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Movin

Shaun Young and The 3 Ringers

Rhythm Bomb

Arriving only recently at FLW is the already available ‘Movin’ by Shaun Young and The 3 Ringers and The Texas Blue Dots. Issued on both CD and 12” vinyl, ‘Movin’ is a collection of songs split between the two guises of The 3 Ringers and The Texas Blue Dots, but with most songs going to The 3 Ringers. With the album being recorded and produced by Shaun Young at Jet-Tone Studios, Austin, Texas – “The Speed of Sound”, the quality really shines throughout this release. From rockabilly influenced numbers ‘Things Will Never Be The Same’, to an amalgamation of said genre with a strong hint of blues powering ‘When You Do That’, and then rounding off with the rock ‘n’ roll ‘Knockout’, Shaun Young with his cohorts is never one to sit still for a moment. Such a notion can be gleaned from the modern touches applied to this album, despite the album retaining a definite authentic feel overall, because ‘Movin’ never gives the impression of holding a desire to go back to the 50s as it’s a record that sounds perfectly at home in the present. With song titles and lyrics suggesting much heartache and longing for better times (‘Things Will Never Be The Same’, ‘Drink Till I Can’t Feel The Pain’, ‘My Heartaches Been Confirmed’, etc) Shaun Young (and bands) has/have a real way of convincing its audience via such tearjerkers as ‘I Plead The 5th’, to the more hopeful ‘More Than Any Tongue Can Tell’ with its mashup intro of Tom Petty meets Buddy Holly’s ‘Peggy Sue’. The contents of ‘Movin’ are a delight to behold and provide enough evidence that rockabilly is alive and well in Austin, Texas.


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Gonna Make It Alone – Brexit Rockers

Various Artists

Atomicat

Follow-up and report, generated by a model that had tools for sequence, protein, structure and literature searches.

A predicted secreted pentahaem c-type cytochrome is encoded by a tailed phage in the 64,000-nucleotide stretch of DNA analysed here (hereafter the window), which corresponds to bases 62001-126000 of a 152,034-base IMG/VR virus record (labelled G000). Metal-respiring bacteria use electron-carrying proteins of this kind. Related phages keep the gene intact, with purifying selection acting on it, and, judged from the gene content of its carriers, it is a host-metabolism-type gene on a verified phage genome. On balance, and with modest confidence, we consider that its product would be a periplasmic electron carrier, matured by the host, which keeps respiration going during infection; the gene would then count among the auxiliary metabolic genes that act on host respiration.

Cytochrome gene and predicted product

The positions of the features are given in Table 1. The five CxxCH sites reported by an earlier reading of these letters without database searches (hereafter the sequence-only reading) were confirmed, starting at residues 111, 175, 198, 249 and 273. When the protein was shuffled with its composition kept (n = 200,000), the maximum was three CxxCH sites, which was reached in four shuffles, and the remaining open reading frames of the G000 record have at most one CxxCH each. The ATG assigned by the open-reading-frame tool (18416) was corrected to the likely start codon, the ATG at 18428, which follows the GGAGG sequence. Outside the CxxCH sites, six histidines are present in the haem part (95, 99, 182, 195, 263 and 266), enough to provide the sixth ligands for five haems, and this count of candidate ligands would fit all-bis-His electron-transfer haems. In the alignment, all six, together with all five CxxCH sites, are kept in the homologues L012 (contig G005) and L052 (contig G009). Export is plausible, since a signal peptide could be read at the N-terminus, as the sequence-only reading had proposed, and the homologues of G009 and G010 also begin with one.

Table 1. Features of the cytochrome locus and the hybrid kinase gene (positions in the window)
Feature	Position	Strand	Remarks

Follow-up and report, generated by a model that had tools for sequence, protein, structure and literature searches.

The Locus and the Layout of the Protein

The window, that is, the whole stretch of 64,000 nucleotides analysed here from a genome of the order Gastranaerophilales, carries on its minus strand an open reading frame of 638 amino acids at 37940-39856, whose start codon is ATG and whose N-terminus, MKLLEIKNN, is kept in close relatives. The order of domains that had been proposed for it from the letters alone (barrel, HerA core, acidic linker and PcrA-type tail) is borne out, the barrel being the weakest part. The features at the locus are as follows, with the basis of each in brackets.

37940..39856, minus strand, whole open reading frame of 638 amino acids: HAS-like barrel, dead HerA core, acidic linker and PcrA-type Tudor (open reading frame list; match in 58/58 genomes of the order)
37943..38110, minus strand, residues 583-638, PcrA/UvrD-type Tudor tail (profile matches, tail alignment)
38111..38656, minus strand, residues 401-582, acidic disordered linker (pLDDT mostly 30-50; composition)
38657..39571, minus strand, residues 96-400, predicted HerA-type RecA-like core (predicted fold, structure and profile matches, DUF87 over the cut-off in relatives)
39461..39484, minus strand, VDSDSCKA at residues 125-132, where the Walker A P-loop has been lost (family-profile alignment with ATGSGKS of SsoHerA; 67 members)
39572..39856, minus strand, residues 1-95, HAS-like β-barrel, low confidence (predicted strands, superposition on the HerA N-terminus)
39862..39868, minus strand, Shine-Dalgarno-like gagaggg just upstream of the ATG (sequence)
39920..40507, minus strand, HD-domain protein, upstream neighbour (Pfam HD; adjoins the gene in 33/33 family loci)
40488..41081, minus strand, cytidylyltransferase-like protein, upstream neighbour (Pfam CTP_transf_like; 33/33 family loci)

The music speaks for itself on this latest compilation from Atomicat, despite its relevance in name only to the current political debate surrounding the UK and rest of Europe. Charging in on a riotous romp of twenty-four tracks comes ‘Goanna Make It Alone – Brexit Rockers’, which is a record for the times; that being the topsy-turvy political climate of the UK and whether to officially leave the EU or remain a full member. As complex and quite frankly baffling the whole process to date has been, not to mention where the past two years has gone, one record label’s decision to express its opinion on this whole, and quite frankly, baffling affair is not only their right but the manner in which ‘Goanna Make It Alone – Brexit Rockers’ conducts itself by throwing a party rather than being a political vehicle. There is not an ounce of political motivation between the rock ‘n’ roll sides of this compilation, more a loose association of track names and lyrics to the current fiasco between the UK / Brussels and Co. So, if you can imagine for one moment Brexit is set out in five stages where the starting post begins via the snappy rhythm of Billy Fury’s ‘Gonna Type A Letter’, complete with the nostalgic sound of the now obsolete typewriter (UK to EU), to the hillbilly yarn of ‘Don’t Push Me Too Far’ from the always reliable Skeets McDonald (EU in reply to the UK), to country-weepy  ‘We’re Talking It Over’ By Faron Young (50 – 50 EU / UK debate), and then final breakdown where we’re informed by  ‘Lies Lies Lies’ (Norman Bullock) before eventually landing rock bottom and ‘Singing The Blues’ with Tommy Steele for company. In fact, there’s so much scope here to devise your own five phases of the Brexit process, which really can take a stinging turn if you like your rock ‘n’ roll on the wild side à la Jackie Lee Cochran (‘Pity Me’), Screamin’ Jay Hawkins (‘There’s Something Wrong With You’) and (it’s in there if you listen closely) George Jones’ superb ‘No Money In This Deal’. It’s a cleverly thought out compilation where song lyrics can be associated with the situation that is Brexit without mentioning politics or having any direct correlations. Therefore, ‘Gonna Make It Alone – Brexit Rockers’ is a very special album for a period that will go down in history forever once this whole affair draws itself to a conclusion. Thankfully, it’s the rock ‘n’ roll music that speaks volumes here and will remain the only winner whatever the eventual outcome at the end of this month. But, to borrow Bill Swing’s song title, it sure is ‘Messed Up’ depending on which side of the political fence one sits of course.